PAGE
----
Russia and the Warsaw pact countries had military- industrial combines and much employment depended on military and industrial expenditure in military areas. A month ago, the Pentagon told me that, in 90 cities in the former Soviet Union, more than 75 per cent. of the population work in the defence industry. Think of that industry being undermined and people realising that they are losing their former markets--the Czech Republic, Poland and Hungary--because those three countries and others will re-equip with NATO-compatible equipment.

The NATO-Russian framework is sound at Government level, but it needs to be broadened and strengthened. One way to do that is to have Russian delegates at our North Atlantic Assembly meetings. It is surprising to me that I am on conversational terms with Mr. Zhirinovsky. I have had several conversations with

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him and have chaired meetings at which he spoke. We have experienced the calming and reassuring influence of personal contact with people from the former Soviet Union countries and from Russia.

There should be more military contacts between NATO and Russia, and I welcome the fact that there are now Russians in Supreme Headquarters Allied Powers Europe. The "Partnership for Peace" programme has been an outstanding success in promoting a sense of common purpose in defence-related activity of all kinds, including even air traffic control. Russia is losing markets in former Soviet Union countries, and we must seriously face the loss of business and currency to Russia. If currency does not enter Russia, reform may not happen.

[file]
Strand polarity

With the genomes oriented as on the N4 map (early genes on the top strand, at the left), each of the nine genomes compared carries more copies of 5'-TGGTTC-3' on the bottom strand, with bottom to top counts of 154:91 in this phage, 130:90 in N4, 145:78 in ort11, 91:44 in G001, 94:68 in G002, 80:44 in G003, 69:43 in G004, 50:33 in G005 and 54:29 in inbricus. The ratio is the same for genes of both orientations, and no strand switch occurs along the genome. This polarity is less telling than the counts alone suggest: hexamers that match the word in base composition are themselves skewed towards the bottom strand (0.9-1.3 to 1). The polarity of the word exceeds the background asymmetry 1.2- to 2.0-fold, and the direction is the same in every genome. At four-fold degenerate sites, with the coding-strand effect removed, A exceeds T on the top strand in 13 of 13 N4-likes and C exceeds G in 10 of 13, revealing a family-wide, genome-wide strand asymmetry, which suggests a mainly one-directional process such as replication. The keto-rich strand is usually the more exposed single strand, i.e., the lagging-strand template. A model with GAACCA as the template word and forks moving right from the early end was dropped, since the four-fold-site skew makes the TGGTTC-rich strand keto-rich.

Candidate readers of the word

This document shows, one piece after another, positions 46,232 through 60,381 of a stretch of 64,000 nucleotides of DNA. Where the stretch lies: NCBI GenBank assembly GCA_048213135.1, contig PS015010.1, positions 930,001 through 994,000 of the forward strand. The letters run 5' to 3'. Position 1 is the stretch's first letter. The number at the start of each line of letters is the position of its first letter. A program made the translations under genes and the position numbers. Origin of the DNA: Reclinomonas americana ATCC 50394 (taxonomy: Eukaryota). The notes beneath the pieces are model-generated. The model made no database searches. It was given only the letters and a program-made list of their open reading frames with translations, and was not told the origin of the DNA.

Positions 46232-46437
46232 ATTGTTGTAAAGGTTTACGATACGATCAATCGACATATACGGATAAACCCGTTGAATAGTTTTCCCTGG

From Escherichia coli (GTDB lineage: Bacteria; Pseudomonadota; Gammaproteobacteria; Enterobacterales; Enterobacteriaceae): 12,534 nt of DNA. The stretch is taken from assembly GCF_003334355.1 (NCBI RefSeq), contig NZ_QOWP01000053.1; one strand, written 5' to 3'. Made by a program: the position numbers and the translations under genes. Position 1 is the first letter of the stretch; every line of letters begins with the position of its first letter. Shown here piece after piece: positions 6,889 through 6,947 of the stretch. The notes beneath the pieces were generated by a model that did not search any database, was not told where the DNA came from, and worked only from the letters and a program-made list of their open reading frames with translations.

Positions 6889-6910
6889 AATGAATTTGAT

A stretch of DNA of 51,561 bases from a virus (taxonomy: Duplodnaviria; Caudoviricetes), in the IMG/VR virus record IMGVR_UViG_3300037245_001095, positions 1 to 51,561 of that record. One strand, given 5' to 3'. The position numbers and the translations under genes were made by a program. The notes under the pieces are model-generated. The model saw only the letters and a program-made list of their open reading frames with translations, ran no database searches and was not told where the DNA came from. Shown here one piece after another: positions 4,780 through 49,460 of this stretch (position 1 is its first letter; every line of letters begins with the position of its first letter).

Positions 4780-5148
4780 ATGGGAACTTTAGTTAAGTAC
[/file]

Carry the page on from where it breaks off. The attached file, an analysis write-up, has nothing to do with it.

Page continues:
How can we co-operate? I shall put to the House a thought that may seem eccentric. It is that the former Soviet Union, and in particular Ukraine, has the Antonov aircraft factory, which is without orders. It manufactures aircraft that are similar to those that are contained in plans for the future large aircraft. I welcome the fact that the Germans are seeking to co-operate with the Antonov factory, and regret that no other NATO country seems to want to co-operate with Antonov, which has a world leader in the field. Similarly, the Mig 29 Fulcrum and the Sukhoi 35 have airframes which, as far as I can see, are far superior to any in the west. I regret that we have not found ways to co-operate with Russia or to pass orders to it to demonstrate that the confidence that we express in the expansion of NATO does not mean that we are seeking to do it down.

As the Foreign Secretary said, the expansion of NATO involvesa geographical expansion of one sixth of territory and a borders expansion of one third. That is a large expansion. I would resist further expansion in the foreseeable future, and I would avoid a timetable for further expansion. Meanwhile, we must retain the core role of NATO and its ability, if necessary, to engage in high-intensity warfare.